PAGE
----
It’s this lack of transparency and dramatic, edict-style moves from the administration that’s causing these blowups on a more regular basis. Shadowbanning, the subreddit bans, the Darkening—all these controversies have come as a result of moves made by Reddit without considering how the users will be affected.
Shadowbans are sold as a way to disarm spammers, as they won’t realize their posts are invisble, but they can also be used to silence users Reddit disagrees with. Removing platforms for serial harassers is empirically a good thing, but the mass banning of any similar subs after the initial bans is at odds with the “behaviour, not ideas” rationale given by Pao.
If you took every move at face value, these would be great tools to make Reddit a better place. But in practice they are nuclear options—a hammer when what Reddit really needs is a scalpel. Reddit is doing these things suddenly, decisively, with no test periods and little explanation. Usually it’s a single post and a comment or two from Pao, Ohanian or another Reddit high-up. It’s possible to do the right thing in the worst way, and lately Reddit has been holding a masterclass on that subject.
This is where someone says “it’s a private website! they can do whatever they want, you’re not entitled to anything!” and that’s true. But Reddit seems to believe the value of Reddit is in the name, the site, the hallways, the unprofitable business buoyed by venture capital, but they’re wrong. The reason Reddit is valuable is because it attracts ~150 million people a month—the value is in the users.
Reddit doesn’t make a profit right now, and they are desperately trying to figure out how to fix that. So they’ll cull a few subreddits that make them look bad, shadowban users who ask important people tough questions, and start trying to make money. But every time one of these controversies pops up, Reddit is bleeding users, losing people that make the site valuable to investors and advertisers. Coca-Cola doesn’t care about Reddit, they care that there are millions of people there to see their ads, but if Reddit keeps making these unilateral, stupid moves, Voat and Snapzu will start to look more and more attractive.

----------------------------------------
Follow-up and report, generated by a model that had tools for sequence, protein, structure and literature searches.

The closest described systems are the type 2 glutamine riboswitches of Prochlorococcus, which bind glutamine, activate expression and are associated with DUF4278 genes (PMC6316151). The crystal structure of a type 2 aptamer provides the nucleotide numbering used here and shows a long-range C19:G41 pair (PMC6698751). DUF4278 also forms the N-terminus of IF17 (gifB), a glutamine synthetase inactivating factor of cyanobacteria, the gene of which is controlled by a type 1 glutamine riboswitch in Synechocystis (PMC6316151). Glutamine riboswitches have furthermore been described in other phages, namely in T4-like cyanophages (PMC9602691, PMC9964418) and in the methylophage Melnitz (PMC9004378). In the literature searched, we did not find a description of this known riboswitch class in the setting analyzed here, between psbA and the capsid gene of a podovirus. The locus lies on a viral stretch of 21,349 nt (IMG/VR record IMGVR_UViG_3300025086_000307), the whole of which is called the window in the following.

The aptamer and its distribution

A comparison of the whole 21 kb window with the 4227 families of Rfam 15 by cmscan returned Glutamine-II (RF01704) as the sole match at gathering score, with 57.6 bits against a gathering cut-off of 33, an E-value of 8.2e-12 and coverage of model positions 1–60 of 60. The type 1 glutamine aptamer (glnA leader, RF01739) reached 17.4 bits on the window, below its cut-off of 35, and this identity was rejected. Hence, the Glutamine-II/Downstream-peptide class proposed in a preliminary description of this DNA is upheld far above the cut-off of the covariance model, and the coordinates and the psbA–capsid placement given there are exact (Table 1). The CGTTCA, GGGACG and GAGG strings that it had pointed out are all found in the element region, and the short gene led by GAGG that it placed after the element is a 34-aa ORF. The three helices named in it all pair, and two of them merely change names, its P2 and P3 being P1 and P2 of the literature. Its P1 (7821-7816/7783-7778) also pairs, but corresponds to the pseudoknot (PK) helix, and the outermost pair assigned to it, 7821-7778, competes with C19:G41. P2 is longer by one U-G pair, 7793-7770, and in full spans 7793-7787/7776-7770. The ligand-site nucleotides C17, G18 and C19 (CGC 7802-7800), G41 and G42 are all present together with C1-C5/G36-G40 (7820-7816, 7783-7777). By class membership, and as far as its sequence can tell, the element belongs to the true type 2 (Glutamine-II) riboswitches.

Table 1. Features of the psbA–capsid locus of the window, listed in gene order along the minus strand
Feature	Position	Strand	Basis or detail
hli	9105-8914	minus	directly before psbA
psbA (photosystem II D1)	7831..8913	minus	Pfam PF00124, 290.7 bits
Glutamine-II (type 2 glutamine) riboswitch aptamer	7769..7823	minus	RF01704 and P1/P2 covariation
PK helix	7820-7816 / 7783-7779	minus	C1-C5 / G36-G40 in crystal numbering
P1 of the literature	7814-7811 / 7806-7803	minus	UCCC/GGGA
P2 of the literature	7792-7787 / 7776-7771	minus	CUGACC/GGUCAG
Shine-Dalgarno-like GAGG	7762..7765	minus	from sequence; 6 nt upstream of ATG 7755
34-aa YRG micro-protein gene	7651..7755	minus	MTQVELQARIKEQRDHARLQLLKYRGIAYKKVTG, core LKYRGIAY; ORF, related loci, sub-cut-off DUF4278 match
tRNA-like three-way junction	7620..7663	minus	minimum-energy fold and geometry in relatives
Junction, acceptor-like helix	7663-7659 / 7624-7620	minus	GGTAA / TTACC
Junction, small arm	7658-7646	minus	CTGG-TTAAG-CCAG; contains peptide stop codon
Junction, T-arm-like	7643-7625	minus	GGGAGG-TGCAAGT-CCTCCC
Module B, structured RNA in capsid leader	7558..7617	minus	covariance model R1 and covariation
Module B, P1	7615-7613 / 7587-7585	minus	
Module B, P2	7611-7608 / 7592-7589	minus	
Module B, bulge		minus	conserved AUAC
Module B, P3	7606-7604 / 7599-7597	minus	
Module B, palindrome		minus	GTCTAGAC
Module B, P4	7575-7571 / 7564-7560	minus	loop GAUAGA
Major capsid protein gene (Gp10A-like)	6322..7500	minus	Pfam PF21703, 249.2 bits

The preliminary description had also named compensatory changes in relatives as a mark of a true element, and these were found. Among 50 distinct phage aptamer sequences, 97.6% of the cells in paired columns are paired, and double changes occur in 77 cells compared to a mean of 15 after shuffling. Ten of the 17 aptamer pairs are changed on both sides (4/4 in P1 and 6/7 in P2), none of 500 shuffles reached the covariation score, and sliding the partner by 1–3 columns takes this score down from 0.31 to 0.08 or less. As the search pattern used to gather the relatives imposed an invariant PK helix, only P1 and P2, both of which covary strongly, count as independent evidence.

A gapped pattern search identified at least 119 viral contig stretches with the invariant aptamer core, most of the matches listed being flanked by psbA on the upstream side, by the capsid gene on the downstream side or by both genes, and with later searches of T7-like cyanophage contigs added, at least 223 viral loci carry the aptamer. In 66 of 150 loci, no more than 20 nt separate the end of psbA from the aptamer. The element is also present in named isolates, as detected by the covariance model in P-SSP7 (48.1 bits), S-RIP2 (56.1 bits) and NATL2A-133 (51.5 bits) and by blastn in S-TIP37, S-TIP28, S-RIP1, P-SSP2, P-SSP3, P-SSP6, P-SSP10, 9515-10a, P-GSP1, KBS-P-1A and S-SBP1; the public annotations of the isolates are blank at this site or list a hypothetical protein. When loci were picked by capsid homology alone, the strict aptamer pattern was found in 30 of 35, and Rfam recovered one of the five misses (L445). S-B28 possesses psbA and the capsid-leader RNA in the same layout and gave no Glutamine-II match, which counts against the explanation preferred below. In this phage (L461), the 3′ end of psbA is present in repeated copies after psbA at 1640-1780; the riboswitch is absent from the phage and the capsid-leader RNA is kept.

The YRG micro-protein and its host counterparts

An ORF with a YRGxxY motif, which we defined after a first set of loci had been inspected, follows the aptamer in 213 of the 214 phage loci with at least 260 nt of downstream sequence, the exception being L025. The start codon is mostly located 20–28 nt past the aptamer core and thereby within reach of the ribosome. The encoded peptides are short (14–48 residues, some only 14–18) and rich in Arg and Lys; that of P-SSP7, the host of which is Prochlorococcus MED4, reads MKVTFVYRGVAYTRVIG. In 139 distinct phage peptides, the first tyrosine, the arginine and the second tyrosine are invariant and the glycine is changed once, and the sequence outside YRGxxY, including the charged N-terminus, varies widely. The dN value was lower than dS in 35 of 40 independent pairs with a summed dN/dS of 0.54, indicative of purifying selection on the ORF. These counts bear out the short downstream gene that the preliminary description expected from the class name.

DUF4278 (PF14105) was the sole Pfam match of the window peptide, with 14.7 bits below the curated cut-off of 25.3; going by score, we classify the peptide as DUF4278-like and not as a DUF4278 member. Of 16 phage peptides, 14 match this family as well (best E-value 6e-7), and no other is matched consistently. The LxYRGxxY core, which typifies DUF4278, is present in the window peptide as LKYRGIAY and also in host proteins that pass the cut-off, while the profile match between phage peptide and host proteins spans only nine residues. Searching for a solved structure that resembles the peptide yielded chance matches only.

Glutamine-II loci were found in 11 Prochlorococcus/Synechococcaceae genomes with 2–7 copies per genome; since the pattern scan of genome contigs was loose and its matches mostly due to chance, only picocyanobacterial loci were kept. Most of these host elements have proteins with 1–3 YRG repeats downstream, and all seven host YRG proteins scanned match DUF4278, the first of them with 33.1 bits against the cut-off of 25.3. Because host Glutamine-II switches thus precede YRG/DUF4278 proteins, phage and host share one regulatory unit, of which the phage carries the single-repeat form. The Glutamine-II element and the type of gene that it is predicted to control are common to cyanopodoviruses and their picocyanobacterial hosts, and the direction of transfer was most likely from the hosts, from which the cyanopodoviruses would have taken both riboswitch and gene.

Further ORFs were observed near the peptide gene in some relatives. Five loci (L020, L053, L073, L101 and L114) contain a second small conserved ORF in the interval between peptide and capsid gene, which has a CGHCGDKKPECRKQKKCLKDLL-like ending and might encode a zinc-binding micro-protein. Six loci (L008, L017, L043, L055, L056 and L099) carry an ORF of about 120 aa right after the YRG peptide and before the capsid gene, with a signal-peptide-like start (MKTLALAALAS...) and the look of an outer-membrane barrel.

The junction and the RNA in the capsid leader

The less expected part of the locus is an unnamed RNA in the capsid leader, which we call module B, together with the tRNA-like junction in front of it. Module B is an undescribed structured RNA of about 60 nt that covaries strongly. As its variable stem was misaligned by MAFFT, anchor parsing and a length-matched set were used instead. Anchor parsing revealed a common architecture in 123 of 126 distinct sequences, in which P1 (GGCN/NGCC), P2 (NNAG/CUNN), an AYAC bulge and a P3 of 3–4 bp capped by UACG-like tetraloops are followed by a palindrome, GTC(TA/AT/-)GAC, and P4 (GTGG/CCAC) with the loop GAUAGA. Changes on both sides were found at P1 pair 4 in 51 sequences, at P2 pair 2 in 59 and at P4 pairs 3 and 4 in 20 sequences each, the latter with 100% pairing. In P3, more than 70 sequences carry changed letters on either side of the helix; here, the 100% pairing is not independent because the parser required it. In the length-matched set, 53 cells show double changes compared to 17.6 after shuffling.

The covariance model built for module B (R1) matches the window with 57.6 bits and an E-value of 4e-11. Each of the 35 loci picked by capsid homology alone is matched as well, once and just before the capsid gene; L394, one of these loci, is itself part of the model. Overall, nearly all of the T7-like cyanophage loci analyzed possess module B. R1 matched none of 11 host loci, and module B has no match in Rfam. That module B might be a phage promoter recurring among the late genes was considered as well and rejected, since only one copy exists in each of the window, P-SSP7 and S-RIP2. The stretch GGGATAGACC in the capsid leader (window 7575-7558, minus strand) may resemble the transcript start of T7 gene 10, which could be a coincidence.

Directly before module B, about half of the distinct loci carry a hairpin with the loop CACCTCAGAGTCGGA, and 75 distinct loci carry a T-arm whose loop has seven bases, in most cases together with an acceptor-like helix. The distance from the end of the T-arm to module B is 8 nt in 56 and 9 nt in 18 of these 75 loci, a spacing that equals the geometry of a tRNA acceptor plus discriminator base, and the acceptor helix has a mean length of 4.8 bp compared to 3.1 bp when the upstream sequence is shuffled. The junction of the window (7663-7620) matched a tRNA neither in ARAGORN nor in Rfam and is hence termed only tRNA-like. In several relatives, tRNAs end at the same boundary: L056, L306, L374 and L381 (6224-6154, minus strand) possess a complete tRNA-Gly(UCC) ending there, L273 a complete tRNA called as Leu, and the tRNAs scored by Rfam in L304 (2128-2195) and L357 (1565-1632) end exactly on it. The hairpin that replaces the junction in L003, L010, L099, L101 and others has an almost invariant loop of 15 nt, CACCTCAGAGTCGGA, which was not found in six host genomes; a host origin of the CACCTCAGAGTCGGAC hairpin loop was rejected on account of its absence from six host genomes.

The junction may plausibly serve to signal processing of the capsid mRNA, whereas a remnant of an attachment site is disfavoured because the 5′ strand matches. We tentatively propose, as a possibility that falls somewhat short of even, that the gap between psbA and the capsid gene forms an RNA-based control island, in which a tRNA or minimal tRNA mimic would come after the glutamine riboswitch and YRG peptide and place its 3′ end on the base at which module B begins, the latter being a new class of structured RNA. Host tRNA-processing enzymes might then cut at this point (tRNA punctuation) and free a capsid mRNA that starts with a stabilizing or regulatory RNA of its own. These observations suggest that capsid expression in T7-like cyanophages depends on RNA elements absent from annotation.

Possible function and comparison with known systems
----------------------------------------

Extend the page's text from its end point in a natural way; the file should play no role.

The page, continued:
Reddit became popular because they were ready to capitalize on the failure of Digg; that they would be so disconnected from what made their userbase grow is baffling to me. Just look at founder Alexis Ohanian’s post history from the last day, he doesn’t seem overly concerned that the website is burning around him.
I like Reddit. I use it every day. I disagree with a lot of the moves that the administration has been making lately, but I still use it because it is still the best at what it does. It is still the front page of the Internet for me and a lot of other people. But it’s more than just a private company funded by venture capital trying desperately to turn the Internet into money; it’s a tool. It’s a means of communication and a community of millions.
So when someone says it’s a private website so they can do whatever they want, it rings hollow. Reddit does have to answer to its users, because they are what makes Nike and Ford, Nestlé and Sony want to advertise there; they are the reason celebrities wanted to do AMAs and they are unhappy.
Reddit is a private website, yes. But the size, the influence and the power of that private website is carried on the backs of users, and unless they stop this trend of abrupt, unclear and contentious moves, there won’t be enough users left to carry them.
Thoughts on The Darkening? Will you still be using Reddit? Can you get past the dumb name of Voat? Let me know in the comments, they’re down there somewhere I think.